Friday, 20 February 2015

Closeup Photography With A Compact Camera

I must admit, I am a greenhorn in photography. To be honest, the camera that I bought about a year-and-a-half ago is actually the first I have ever owned. Not surprisingly, most of my pictures were taken using the 'Auto' mode on the camera. But at times when my shots of flowers, for example, were bad, I will put my camera into 'macro' mode, hoping that somehow I will get some improvements in my shots since they are meant for closeups. But unfortunately there was none, despite me following the instruction as written in the user manual. And this includes the zooming part, i.e. the zoom indicator on the LCD display was always green.

My First Winning Closeup Shot

My First Winning Closeup Shot

But about 2 weeks ago I did something different. I decided to do my own zoom by physically positioning my camera at about 6 inches away from the subject - a butterfly on a flower. I was take aback when I first viewed this picture on the camera's LCD display. The result was stunning; my first winning shot in 'macro' mode as you can see above. The fine details captured were just staggering, something that I have not expected since I was using a low end digital camera, a Nikon Coolpix L27. I think this shot could have been even better if I were to have used a tripod since I do not have steady hands. Obviously, camera with fancier macro lenses would give even better magnification and thus better closeup shots.

The Right Way

It is only after taking this shot that I have come to realised that I was doing it all wrong all along in 'macro' mode.

To capture great closeup shots, the camera must be placed as close as possible to the subject (constraint by the camera's limitations obviously) and NOT at 1 or 2 feet away like what I was doing previously. And this is actually the crucial step that made all the difference. The closer the camera is to the subject, the more the finer details are captured in the shots.

Really, this should have been emphasised in the camera's user manual. Photo rookies like me just do not know about these things.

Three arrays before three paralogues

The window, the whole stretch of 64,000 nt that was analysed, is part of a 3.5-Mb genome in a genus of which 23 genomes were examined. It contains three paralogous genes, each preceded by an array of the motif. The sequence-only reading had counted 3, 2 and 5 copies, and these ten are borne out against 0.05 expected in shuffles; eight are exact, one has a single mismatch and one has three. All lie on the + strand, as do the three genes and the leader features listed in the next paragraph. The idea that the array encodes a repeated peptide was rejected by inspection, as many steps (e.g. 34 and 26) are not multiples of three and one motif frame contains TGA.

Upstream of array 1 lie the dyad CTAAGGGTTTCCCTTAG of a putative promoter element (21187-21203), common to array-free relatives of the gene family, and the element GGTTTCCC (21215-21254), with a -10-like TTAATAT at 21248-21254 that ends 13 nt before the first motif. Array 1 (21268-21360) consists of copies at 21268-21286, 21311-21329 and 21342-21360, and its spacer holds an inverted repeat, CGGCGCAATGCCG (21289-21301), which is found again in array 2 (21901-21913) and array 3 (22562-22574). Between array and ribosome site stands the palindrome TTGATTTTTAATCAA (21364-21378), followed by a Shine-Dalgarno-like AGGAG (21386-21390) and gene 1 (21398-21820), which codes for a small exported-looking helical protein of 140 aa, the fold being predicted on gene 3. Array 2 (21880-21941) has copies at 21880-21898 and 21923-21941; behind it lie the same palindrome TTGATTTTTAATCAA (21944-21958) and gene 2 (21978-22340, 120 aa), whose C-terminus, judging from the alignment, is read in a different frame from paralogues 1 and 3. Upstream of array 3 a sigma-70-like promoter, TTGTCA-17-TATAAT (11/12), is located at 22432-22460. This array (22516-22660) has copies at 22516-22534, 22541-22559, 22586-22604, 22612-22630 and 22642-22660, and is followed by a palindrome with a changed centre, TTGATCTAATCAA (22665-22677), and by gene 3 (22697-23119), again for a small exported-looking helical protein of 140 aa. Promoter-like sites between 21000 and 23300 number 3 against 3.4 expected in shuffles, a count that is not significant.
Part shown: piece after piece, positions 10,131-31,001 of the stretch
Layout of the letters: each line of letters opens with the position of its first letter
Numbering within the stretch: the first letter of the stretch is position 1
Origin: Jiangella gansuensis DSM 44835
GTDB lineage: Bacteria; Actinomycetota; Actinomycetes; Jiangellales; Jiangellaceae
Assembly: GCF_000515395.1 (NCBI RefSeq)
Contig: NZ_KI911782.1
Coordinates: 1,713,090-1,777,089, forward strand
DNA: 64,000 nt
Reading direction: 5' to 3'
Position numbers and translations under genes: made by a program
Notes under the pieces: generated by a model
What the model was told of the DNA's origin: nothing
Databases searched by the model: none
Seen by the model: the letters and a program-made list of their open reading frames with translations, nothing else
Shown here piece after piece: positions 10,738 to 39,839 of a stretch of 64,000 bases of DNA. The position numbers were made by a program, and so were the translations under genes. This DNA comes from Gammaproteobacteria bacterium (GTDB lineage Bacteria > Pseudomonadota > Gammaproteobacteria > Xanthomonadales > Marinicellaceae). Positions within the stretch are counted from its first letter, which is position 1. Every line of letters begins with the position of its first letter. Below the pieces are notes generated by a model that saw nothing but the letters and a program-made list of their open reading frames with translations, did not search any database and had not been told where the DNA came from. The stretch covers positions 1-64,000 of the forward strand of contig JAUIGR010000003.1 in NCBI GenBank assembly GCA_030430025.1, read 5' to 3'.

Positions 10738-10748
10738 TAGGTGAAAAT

There is no manual focus on my low end digital camera. Before the shots were taken, I will have to do the half-press trick so that the camera will auto focus on the subject. But sometimes the camera will focus on the wrong thing and the subject will come out blur. Taking an extra couple of shots as insurance is not a bad idea actually.

More Closeup Shots

Here are some additional closeup shots that I took following my first winning closeup shot above. I think I am hooked on closeup/macro photography.



Most dragonflies will get nervous when I approach them for a closeup shot. At times they will just fly away (as butterflies will too). But at times, they will just fly off, make a loop and then rest on the same spot again.

The shot above was taken at about 10 inches away - I could not get any closer. This picture has been resized to 400 pixels in width because of the width limitations on my blog (and also to prevent slow loading time of this blog page). The original picture is about 1000 pixels in width.

This dragonfly was actually posing for me while this picture was take. It actually raised its abdomen up high (almost vertical), posing like how a model would. Thanks dragonfly.

Flowers Of Chinese Chives

Flower Of Chinese Chives

Taking this shot was fairly easy. I just have be sure that there is no breeze blowing in order to get a sharp picture. The actually size of each individual flower is about 1cm across.

An Insect On A Leaf

An Insect On ALeaf

I have no idea what this insect is called. But it makes a great closeup shot. Its actual size is about an inch across, front to back.


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